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Pearl JamAudio CD
4.3 out of 5 stars  See all reviews (297 customer reviews)

Price: $11.07 & FREE Shipping on orders over $35. Details
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MP3 Music, 17 Songs, 2011 $9.99  
Audio CD, 1994 $8.79  
Audio CD, 1994 $11.07  
Vinyl, 2011 $25.13  
Audio Cassette, 1994 $9.99  
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There is a newer version of this title:
Vitalogy Expanded Edition (3 Bonus Tracks) Vitalogy Expanded Edition (3 Bonus Tracks) 4.3 out of 5 stars (297)
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In 1991, Pearl Jam's debut album, Ten, catapulted the little-known Seattle-based band into superstardom. Nine studio albums, hundreds of unique live performances and hundreds of official live concert bootleg releases later, the band continue to be critically acclaimed and commercially successful -- with over 60 million albums sold worldwide.

Over the past twenty years, the band has ... Read more in Amazon's Pearl Jam Store

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Frequently Bought Together

Vitalogy + Ten + Vs.
Price for all three: $23.83

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Product Details

  • Audio CD (December 6, 1994)
  • Original Release Date: December 6, 1994
  • Number of Discs: 1
  • Label: Sony
  • ASIN: B000002AZ8
  • Average Customer Review: 4.3 out of 5 stars  See all reviews (297 customer reviews)
  • Amazon Best Sellers Rank: #58,530 in Music (See Top 100 in Music)

1. Last Exit
2. Spin The Black Circle
3. Not For You
4. Tremor Christ
5. Nothingman
6. Whipping
7. Pry, To
8. Corduroy
9. Bugs
10. Satan's Bed
11. Better Man
12. Aye Davanita
13. Immortality
14. Hey Foxymophandlemama, That's Me

Editorial Reviews

Vitalogy reaffirms the Seattle quintet's status as the principled, proudly confused voice of a generation. On their third album, they've found their footing as a raw, forward-looking '90s rock act that fearlessly tackles the Biggest Questions. Lead track "Spin the Black Circle" celebrates the healing power of Eddie Vedder's LP collection, but it is overshadowed by such masterstrokes as "Immortality" (which can be read, right or wrong, as a reaction to Kurt Cobain's suicide), the Lennonesque "Tremor Christ" and a thrilling anthem for the pro-choice movement, "Whipping." --Jeff Bateman

Product Description

No Description Available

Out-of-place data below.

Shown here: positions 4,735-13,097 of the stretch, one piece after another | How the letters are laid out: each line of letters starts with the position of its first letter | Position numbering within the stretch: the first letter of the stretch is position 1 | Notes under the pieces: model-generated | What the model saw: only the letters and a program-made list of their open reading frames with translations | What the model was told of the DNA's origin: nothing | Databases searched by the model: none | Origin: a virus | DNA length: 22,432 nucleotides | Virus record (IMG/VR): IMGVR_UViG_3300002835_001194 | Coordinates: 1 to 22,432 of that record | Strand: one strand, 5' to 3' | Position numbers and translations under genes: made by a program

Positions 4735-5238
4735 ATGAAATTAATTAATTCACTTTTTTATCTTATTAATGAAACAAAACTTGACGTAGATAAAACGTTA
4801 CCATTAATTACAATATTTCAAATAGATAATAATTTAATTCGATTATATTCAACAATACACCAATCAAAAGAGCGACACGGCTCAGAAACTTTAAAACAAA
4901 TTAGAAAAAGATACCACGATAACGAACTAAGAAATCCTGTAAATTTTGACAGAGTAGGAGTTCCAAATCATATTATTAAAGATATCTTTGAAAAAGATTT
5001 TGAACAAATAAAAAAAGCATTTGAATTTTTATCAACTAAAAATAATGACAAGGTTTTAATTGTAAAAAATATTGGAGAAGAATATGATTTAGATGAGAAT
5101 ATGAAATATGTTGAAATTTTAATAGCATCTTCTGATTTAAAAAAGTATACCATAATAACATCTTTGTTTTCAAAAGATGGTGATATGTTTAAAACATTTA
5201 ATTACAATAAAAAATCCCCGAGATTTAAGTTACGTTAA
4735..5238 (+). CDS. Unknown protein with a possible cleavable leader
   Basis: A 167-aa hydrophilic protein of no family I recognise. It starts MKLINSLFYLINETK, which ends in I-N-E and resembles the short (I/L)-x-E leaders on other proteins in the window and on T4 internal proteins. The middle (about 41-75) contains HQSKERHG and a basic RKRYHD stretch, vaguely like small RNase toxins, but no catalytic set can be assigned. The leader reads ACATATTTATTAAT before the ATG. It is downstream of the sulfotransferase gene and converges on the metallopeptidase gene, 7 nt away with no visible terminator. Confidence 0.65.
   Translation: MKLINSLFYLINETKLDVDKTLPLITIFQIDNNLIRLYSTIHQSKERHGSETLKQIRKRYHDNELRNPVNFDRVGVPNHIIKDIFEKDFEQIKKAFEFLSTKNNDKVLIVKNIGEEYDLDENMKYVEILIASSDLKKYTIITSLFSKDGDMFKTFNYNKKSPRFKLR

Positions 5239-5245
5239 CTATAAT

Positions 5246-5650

No Track Information Available
Media Type: CD
Street Release Date: 12/06/1994

Customer Reviews

Most Helpful Customer Reviews
52 of 55 people found the following review helpful
4.0 out of 5 stars An ambitious third album November 20, 2005
Format:Audio CD
4.5 Stars

A common complaint fans often have against their favorite band is that "the early stuff is great, but then they went commercial/sold out." No such complaint could ever be made against Pearl Jam. Quite the opposite; while Pearl Jam's early albums, most notably "Ten" (1991) and "Vs." (1993) were quite radio friendly, their music became more and more obscure and arty as the band went on. With the exception of the band's straight-forward fifth album "Yield," (1998) most of Pearl Jam's work from the mid-90s up has been far less assessable than their first two albums. In this sense, Pearl Jam are like the anti-sellouts. Not caring how well an album is perceived, the band has always had the integrity to follow its artistic vision.

In some respects, Pearl Jam's third album "Vitalogy" (1994) represents the end of an era. "Vitalogy" was the last Pearl Jam album to enjoy multi-platinum success and spawn numerous singles that dominated the radio. "Vitalogy" was sort of the last Pearl Jam album that "everybody" had to buy. While Pearl Jam's next two albums achieved platinum status, by the mid-to-late 90s, their reign at the top was over. While the faithful have stood by the band over the years, most of Pearl Jam's fickle audience that so loved "Ten" and "Vs.," moved on to Phish, Matchbox 20, and the Dave Mathews Band as the 90s progressed. In addition, 1994 was really the last year of the grunge era. While the Seattle movement had briefly brought authenticity back into rock in the early 90s, by 1995, with the likes of Bush and Seven Mary 3, it was back to corporate pap as usual, in the era known as post-grunge. In 1994, with the death of Cobain, in the eyes and ears of the fickle mainstream, grunge breathed its last breath.
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33 of 35 people found the following review helpful
5.0 out of 5 stars Pearl Jam�s New Path November 20, 2002
Format:Audio CD
With the release of Vitalogy, Pearl Jam takes on a new direction toward obscurity. After the two extremely popular, rock anthem, grunge records, "Ten" and "Vs.," Eddie Vedder and company have made a rather impressive attempt at growing beyond the grunge roots that made them what they are today. This record is amazing, and main-stream enough. But, you can feel the winds of change coming in the new material.